Something has to change. I read about a Contentment Challenge first on photographer Nancy Ray‘s blog, then on my friend Lara Casey‘s, and I thought ‘maybe this is what I need’. But I decided that, instead of throwing myself into it immediately, I’d pray about it. Ask God if this is what he meant for me, if this is what I truly needed. I prayed for 2 weeks, and the pull never left my heart. Then, sitting in our friends’ apartment last Friday for our first Financial Peace University class, Dave Ramsey talked about how people forget about true contentment.

I know what it is to be in need, and I know what it is to have plenty. I have learned the secret of being content in any and every situation, whether well fed or hungry, whether living in plenty or in want.  I can do all this through him who gives me strength.  (Phil 4:12-13)

Ding Ding.

My life is over run with STUFF. Clutter. Both physical and mental. Natalie’s incredibly impressionable, and I want to provide the best environment for her as possible, because this is her foundation.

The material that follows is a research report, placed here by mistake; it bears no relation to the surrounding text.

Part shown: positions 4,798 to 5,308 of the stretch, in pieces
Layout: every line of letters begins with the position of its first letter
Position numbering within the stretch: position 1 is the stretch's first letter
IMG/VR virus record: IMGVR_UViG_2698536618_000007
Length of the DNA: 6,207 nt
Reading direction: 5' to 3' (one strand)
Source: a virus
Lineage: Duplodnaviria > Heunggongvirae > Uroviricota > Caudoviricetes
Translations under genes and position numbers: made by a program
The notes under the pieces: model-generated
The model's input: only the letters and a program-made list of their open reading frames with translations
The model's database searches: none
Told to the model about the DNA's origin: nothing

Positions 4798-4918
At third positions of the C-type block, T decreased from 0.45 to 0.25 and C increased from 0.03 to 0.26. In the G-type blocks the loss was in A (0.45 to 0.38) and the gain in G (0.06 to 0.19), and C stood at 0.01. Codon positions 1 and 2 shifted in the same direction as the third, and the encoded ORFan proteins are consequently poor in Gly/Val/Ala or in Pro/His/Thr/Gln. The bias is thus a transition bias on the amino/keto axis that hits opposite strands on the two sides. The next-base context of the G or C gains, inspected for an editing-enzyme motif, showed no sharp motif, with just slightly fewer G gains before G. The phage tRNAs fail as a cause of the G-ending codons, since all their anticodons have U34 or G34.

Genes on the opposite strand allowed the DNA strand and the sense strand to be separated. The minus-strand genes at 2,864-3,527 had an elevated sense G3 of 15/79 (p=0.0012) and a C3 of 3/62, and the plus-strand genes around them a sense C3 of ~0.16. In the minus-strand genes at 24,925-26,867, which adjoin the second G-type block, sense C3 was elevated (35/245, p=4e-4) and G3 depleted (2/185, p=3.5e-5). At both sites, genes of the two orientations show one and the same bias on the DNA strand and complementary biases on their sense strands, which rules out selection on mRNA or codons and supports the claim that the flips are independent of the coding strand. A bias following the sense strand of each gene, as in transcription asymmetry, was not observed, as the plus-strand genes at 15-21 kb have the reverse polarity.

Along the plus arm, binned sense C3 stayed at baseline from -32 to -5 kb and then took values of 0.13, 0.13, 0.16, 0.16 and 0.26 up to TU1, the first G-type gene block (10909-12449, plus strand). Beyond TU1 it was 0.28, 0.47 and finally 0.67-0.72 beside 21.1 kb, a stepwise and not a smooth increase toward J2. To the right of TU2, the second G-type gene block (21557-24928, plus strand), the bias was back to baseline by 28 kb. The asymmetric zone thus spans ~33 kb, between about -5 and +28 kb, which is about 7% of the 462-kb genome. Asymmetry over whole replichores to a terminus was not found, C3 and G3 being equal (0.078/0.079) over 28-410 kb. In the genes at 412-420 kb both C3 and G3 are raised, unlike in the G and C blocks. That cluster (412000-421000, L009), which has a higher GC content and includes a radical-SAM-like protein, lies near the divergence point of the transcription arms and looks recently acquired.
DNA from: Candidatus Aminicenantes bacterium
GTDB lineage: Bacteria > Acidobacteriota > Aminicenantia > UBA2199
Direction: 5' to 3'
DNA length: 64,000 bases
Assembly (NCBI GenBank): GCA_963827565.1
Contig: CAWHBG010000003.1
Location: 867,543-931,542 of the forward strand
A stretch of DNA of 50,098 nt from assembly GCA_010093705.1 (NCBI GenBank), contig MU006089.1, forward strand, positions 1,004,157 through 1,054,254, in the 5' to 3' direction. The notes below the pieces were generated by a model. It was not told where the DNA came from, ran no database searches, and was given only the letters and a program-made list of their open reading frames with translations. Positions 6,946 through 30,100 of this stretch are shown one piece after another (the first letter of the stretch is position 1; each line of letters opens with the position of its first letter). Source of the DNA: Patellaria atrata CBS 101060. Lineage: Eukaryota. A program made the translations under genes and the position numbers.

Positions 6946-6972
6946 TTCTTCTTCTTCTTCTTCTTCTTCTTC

The Contentment Challenge : October, November & December 2013

We will give up shopping for clothes, accessories, household decor, and “stuff” for 3 months, to focus our hearts and minds on the root of true contentment. We will actively pursue fulfilling activities that will replace our addiction to material things.

The Guidelines:

• For the next 10 days, your homework is the following: prepare your heart, organize your closet, and make any necessary purchases that you might need during these months. (This is not a last minute shopping spree! This is one final trip to the store for items you will need, and the opportunity for you to say your goodbyes to Target.)